Press Releases


Date Released: 10/27/2006

Purchase College Anthropology Professor Dana-Ain Davis examines the consequences of welfare reform for black women fleeing domestic violence in her new book Battered Black Women and Welfare Reform: Between a Rock and a Hard Place, recently published by SUNY Press.

Dr. Davis profiles 22 women, 13 of whom are black, living in a battered women’s shelter in a small city in upstate New York. She explores the contradictions between welfare reform’s supposed success in moving women off of public assistance and toward economic self-sufficiency, and the consequences welfare reform has presented for black women fleeing domestic violence. Focusing on the intersection of poverty, violence and race, she demonstrates the differential treatment that black and white women face in their entanglements with the welfare bureaucracy by linking those entanglements to the larger political economy of a small city, neoliberal social policies, and radicalized ideas about black women as workers and mothers.

Dana-Ain Davis, MPH Ph.D. is Assistant Professor of Anthropology at
Purchase College, SUNY and Coordinator of the Global Black Studies Program. She received her Ph.D. from the Graduate Center, City University of New York. Dr. Davis conducts research in the United States and in Namibia, primarily in the area of domestic violence, HIV/AIDS, reproductive justice, welfare reform policy and activism. In addition to her current book, she has written several articles on the impact of welfare including: “Manufacturing Mammies: The Burdens of Service Work and Welfare Reform Among Battered Black Women,” and “What Did You Do Today: Notes From a Politically Engaged Anthropologist.”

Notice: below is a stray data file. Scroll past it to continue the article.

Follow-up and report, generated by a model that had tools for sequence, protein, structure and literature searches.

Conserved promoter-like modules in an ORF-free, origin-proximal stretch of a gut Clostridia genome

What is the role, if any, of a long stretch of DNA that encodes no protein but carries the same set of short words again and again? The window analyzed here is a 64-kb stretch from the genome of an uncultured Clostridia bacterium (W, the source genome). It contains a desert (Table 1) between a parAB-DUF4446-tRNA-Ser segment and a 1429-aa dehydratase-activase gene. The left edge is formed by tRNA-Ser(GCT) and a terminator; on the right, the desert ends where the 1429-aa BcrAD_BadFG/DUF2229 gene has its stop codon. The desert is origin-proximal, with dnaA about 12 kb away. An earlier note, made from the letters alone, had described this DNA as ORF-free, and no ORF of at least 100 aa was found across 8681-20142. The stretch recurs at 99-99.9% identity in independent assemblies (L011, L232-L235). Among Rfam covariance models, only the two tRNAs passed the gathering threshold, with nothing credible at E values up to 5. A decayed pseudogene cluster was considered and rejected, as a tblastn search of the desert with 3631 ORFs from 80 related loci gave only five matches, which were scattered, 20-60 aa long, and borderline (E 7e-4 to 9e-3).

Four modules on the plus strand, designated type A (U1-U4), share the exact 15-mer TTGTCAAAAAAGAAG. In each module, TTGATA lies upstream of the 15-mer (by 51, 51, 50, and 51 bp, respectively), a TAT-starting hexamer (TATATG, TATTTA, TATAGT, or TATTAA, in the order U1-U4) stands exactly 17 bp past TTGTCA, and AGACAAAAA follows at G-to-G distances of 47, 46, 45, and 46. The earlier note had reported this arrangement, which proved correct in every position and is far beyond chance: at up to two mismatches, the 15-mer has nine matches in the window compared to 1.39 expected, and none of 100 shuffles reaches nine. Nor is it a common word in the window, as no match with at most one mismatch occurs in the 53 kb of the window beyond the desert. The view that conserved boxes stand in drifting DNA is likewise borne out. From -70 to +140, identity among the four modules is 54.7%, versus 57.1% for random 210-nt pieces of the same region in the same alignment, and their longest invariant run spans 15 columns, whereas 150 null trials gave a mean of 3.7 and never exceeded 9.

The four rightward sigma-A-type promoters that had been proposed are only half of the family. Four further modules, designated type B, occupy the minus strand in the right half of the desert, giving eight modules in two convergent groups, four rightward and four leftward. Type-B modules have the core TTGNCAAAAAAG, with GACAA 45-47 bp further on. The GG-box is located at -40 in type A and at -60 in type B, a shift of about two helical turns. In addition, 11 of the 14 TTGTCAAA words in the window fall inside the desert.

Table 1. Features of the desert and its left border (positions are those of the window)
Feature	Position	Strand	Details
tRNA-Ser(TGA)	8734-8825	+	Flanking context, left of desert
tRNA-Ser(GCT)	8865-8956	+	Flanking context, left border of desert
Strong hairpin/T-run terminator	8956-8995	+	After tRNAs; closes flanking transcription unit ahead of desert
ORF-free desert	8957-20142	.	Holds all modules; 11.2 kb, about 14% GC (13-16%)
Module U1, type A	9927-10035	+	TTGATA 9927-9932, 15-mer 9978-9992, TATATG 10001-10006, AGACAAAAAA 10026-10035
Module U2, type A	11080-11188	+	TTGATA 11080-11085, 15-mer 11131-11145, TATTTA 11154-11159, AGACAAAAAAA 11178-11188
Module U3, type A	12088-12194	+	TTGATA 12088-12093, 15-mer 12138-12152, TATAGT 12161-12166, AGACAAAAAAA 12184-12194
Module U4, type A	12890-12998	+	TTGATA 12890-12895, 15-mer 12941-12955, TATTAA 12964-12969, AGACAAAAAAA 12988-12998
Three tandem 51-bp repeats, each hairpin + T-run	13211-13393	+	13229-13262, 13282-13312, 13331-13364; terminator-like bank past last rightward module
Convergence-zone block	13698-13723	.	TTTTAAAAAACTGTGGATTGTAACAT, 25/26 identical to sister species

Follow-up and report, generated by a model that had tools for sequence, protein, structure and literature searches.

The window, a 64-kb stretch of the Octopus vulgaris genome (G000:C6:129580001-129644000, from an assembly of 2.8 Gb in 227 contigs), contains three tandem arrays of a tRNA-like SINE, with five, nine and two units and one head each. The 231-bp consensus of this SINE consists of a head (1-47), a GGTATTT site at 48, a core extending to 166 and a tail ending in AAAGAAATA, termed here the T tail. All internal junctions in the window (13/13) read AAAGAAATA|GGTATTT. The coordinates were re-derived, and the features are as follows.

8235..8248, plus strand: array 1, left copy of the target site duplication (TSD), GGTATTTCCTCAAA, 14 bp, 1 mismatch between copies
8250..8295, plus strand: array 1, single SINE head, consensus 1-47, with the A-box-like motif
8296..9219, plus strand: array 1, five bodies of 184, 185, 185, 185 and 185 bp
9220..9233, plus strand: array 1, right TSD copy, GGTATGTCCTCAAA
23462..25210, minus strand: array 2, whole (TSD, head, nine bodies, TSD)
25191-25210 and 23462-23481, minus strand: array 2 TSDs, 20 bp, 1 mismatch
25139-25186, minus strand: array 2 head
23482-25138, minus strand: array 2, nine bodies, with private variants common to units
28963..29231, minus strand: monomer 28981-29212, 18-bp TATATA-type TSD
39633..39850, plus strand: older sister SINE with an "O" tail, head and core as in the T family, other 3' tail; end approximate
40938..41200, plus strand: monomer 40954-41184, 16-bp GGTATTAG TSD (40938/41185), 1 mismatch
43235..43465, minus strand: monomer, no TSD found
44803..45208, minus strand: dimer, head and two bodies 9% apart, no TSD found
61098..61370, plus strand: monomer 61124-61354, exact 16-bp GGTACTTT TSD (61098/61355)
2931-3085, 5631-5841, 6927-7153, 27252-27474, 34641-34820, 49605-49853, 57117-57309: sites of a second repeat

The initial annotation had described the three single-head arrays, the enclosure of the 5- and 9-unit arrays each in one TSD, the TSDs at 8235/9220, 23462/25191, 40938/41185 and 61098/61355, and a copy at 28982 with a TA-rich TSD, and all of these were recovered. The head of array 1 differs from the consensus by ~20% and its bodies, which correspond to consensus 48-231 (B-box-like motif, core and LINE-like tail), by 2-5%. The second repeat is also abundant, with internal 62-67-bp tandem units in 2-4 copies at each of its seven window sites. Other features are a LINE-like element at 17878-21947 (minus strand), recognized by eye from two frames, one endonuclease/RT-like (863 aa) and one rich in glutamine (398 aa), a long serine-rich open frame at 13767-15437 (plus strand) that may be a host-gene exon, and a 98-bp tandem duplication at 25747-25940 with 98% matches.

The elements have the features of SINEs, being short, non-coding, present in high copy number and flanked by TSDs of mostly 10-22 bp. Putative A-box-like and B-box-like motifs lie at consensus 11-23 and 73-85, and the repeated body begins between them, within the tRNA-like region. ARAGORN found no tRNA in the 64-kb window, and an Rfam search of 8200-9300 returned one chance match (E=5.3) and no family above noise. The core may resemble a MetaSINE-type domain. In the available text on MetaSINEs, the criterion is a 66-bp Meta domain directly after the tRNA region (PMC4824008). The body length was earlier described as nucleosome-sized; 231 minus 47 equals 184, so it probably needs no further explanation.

She is an active participant in the Association of Feminist Anthropologists, the Association of Black Anthropologists and the Society for the Anthropology of North America. In addition to her academic endeavors, Dr. Davis is also the consulting executive director of the Adco Foundation, a grant making foundation that supports community activism in New York City. She also serves on the board of the New York Foundation.